HARLEY J. EARL Harley J. Earl was born in California in 1893. He was an American automotive designer famous for his contribution to General Motors, where he was head of design and later vice president. With a wealth of knowledge, Earl understood how to mass- produce automobiles with pioneering designs. His time at GM help to established Detroit as the automobile design capital of the world. Earl started “Project Opel,” which eventually led to the production of the Chevrolet Corvette. Today, he is considered the father of the Corvette. Harley’s accolades are numerous, including the invention of the concept car, the first to use full-size clay modeling and the computerization of cars. He

worked to help women get better opportunities in the car industry and worked with universities to encourage car design. Earl died in 1969.

considered a thorough road test, even though they came away impressed. Here, at last, was an American sports car built for American conditions, a fact stressed by general manager Tom Keating in the press release that marked the car’s official launch. “In the Corvette we have built a sports car in the American tradition. It is not a racing car in the accepted sense that a European sports car is a race car. It is intended rather to satisfy the American public’s conception of beauty, comfort, and convenience, plus performance.” By now, a stunning show car was just six months into production, and all Chevrolet had to do was wait for the customers, a fact underlined by a report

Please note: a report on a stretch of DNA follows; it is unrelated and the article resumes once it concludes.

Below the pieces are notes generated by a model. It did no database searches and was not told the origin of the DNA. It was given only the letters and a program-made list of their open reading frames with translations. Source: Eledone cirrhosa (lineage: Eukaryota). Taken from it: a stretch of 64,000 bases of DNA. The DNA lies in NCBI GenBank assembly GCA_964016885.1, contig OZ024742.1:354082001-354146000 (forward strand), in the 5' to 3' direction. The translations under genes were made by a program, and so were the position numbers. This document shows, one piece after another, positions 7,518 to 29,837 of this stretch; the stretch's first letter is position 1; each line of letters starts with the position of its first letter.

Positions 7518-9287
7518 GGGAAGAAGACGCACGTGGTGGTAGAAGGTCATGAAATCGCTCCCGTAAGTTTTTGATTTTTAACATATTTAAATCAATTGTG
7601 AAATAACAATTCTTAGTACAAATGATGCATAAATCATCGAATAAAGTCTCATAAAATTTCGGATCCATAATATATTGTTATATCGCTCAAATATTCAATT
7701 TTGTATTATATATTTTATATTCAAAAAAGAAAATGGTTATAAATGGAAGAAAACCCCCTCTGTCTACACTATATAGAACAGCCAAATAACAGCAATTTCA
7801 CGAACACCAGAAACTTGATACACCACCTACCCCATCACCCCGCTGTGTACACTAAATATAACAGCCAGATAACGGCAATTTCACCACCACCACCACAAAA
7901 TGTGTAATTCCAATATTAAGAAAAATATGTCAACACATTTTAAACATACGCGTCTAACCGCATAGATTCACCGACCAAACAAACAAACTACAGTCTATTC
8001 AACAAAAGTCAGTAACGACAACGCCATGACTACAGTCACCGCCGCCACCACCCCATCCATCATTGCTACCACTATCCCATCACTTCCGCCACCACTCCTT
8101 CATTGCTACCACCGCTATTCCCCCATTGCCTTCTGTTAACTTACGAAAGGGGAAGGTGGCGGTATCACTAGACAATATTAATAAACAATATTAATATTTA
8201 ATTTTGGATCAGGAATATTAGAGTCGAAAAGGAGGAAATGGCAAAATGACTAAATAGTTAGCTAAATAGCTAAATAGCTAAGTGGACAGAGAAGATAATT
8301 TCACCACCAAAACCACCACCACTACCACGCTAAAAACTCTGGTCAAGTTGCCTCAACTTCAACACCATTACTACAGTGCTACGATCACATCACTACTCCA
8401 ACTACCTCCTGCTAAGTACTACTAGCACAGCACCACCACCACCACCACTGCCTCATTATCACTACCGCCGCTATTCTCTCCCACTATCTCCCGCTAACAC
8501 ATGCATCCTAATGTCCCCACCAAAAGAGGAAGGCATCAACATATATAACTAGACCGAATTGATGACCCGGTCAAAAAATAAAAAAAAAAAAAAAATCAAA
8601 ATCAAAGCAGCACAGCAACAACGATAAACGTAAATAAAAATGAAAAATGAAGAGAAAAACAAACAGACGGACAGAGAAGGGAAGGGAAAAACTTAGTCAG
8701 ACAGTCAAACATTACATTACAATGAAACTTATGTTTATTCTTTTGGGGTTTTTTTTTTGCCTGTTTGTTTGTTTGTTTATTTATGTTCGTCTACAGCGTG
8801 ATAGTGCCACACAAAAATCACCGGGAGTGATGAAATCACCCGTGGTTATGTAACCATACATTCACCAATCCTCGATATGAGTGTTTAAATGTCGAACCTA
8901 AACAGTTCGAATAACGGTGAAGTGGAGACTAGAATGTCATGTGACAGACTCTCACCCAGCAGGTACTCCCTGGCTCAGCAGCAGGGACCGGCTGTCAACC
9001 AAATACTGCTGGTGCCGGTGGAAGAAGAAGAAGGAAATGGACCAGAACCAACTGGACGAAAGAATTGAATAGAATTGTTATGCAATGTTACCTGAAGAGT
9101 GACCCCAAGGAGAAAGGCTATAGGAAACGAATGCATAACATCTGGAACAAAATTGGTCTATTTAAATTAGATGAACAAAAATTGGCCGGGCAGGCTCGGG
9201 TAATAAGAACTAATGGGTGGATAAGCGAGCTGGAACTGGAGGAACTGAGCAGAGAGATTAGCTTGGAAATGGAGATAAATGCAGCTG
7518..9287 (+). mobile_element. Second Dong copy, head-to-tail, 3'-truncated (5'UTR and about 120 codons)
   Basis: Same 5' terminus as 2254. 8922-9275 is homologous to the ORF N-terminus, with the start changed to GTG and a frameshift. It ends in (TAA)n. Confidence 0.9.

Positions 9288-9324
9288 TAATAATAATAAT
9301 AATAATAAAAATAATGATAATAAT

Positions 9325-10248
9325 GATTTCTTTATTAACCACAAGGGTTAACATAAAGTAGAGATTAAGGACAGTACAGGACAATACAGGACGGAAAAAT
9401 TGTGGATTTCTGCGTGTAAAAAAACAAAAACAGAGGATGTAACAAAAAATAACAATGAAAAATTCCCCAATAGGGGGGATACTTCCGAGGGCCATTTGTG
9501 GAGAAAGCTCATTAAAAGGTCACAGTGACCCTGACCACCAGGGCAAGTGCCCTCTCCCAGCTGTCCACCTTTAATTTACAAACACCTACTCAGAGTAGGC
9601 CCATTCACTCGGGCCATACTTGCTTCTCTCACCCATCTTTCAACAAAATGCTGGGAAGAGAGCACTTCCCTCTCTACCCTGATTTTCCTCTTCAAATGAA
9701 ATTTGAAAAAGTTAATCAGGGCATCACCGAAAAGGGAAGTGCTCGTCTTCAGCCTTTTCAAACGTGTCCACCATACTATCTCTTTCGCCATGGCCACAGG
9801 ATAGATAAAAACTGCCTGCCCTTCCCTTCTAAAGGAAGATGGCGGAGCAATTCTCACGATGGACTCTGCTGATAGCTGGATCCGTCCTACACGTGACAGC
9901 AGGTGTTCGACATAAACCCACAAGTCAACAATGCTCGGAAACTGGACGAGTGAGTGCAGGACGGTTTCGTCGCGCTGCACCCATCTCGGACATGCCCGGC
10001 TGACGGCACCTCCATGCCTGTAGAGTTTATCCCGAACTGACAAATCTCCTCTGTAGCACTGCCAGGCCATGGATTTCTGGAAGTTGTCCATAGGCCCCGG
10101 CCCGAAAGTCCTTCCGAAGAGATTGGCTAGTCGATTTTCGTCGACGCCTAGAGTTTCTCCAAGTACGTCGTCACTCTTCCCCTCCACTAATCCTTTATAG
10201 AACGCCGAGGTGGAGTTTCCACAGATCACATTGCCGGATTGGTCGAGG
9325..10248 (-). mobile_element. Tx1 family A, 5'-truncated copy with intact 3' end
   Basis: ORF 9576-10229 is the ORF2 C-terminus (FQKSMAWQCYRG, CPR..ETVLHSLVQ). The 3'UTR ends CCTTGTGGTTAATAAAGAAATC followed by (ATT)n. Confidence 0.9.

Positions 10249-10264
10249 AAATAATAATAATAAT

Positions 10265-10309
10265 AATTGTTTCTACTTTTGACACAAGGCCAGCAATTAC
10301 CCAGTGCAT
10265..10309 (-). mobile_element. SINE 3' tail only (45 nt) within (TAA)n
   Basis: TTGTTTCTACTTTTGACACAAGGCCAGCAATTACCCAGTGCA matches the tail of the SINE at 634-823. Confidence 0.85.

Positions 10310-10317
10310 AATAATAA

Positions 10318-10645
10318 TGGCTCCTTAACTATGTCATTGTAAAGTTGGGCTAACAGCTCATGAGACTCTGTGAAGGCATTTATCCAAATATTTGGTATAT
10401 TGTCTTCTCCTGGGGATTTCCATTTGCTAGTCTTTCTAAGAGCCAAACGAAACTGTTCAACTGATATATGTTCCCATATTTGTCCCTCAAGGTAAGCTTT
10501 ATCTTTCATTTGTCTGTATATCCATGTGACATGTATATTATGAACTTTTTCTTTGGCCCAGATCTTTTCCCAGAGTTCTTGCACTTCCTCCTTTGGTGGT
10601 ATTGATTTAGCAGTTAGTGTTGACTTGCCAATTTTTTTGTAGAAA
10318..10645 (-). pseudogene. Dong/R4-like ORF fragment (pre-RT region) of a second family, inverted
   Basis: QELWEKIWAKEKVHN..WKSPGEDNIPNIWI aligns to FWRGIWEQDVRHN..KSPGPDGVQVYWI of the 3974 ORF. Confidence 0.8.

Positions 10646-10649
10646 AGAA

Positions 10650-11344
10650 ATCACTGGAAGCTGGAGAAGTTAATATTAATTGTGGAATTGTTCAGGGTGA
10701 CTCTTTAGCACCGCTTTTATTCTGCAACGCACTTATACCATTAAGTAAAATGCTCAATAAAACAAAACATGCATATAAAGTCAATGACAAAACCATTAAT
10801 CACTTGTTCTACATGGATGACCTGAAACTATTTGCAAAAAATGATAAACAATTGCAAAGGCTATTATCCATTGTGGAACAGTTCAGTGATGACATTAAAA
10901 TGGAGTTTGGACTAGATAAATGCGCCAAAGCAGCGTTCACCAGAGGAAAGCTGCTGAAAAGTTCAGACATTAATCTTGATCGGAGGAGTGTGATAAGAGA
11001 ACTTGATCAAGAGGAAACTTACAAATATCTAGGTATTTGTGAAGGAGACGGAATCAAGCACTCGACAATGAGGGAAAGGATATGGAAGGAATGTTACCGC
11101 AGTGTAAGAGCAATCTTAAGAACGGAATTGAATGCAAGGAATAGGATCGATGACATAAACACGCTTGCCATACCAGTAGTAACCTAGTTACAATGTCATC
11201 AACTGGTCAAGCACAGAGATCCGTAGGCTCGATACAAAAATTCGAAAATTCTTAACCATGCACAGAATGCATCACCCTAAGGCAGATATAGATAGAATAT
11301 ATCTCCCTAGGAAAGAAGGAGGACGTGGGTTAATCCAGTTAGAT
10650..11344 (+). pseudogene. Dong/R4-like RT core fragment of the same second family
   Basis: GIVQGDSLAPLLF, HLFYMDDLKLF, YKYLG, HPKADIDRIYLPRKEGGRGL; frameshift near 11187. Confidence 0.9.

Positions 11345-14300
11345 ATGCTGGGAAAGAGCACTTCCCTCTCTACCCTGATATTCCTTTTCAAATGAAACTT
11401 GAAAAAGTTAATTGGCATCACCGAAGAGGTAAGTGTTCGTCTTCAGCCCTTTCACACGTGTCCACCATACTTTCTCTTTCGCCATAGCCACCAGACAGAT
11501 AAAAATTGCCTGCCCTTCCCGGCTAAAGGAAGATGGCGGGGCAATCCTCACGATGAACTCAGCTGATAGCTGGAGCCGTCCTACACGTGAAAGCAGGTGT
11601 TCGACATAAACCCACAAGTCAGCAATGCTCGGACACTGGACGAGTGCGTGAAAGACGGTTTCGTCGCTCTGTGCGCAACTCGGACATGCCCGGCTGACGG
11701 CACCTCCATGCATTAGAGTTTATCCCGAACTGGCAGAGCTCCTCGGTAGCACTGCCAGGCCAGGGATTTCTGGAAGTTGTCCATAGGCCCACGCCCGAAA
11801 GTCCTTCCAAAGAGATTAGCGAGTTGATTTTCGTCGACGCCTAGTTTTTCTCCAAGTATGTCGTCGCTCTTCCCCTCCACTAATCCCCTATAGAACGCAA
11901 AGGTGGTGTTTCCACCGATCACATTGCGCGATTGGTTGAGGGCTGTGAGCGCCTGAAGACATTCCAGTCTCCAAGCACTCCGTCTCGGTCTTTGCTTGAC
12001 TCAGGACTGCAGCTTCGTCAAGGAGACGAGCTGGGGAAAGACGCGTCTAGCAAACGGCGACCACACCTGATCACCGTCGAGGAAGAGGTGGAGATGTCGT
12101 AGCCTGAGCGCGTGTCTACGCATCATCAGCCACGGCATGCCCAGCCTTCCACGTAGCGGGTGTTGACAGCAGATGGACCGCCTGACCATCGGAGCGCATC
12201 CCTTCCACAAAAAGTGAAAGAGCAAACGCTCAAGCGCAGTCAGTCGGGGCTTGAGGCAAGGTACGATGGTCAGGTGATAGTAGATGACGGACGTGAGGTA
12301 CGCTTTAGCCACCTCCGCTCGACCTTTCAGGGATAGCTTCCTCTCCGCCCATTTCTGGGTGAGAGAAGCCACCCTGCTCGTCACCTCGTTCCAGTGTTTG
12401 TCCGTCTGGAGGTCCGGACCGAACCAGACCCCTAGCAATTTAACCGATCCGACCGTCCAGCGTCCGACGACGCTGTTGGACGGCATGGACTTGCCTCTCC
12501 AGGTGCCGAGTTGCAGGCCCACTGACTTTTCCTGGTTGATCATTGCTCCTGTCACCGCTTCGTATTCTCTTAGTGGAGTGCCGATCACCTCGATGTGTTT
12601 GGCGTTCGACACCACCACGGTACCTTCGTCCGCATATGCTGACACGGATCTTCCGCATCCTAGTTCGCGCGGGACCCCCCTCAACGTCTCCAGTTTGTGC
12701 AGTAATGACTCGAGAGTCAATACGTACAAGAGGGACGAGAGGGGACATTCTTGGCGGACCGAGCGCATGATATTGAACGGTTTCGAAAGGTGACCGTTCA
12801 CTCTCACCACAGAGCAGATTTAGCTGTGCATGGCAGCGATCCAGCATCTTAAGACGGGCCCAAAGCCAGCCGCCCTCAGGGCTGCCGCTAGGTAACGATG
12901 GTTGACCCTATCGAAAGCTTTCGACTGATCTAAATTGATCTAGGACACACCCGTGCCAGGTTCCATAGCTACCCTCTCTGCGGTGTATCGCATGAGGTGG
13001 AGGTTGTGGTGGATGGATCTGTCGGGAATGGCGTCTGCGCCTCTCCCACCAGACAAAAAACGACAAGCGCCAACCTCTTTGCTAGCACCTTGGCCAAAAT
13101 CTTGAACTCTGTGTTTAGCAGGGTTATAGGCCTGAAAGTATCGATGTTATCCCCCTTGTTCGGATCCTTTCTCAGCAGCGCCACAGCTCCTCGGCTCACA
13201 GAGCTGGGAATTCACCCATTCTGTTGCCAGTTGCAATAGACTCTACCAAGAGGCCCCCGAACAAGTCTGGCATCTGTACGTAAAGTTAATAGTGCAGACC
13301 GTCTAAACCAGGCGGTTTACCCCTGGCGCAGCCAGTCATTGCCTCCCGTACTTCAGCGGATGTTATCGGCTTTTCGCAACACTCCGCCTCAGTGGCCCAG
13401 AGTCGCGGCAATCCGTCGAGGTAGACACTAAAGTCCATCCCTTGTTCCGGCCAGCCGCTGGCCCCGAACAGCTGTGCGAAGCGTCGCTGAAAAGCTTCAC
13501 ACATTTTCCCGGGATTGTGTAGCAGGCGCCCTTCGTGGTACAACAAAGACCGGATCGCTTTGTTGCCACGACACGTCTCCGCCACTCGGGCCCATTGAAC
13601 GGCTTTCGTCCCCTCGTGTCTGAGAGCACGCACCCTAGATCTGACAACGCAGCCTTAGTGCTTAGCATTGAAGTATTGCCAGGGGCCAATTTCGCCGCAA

Scan here to take a closer look at the Corvette C1.

in Road & Track, which read: “It is an open secret that the entire contemplated production is sold.” Unfortunately, few of those who had confidently asserted that they would buy a Corvette actually did when the phone call from the dealer came through. By the end of 1953, a mere 183 cars had been delivered instead of the planned 300. Of course, there were no Corvettes sitting around in parking lots, as many were still being used in dealer displays, but dealers found that they had to phone several buyers on the waiting list before they found one who was actually prepared to put their money where their mouth was. Why was this? Well, none of the hyperbole had cut much ice with the real sports car enthusiasts. Sports cars, whomever they were aimed at, were not supposed to have automatic transmissions—they had powerful brakes and 12 Corvettes & The Muscle Car Revival

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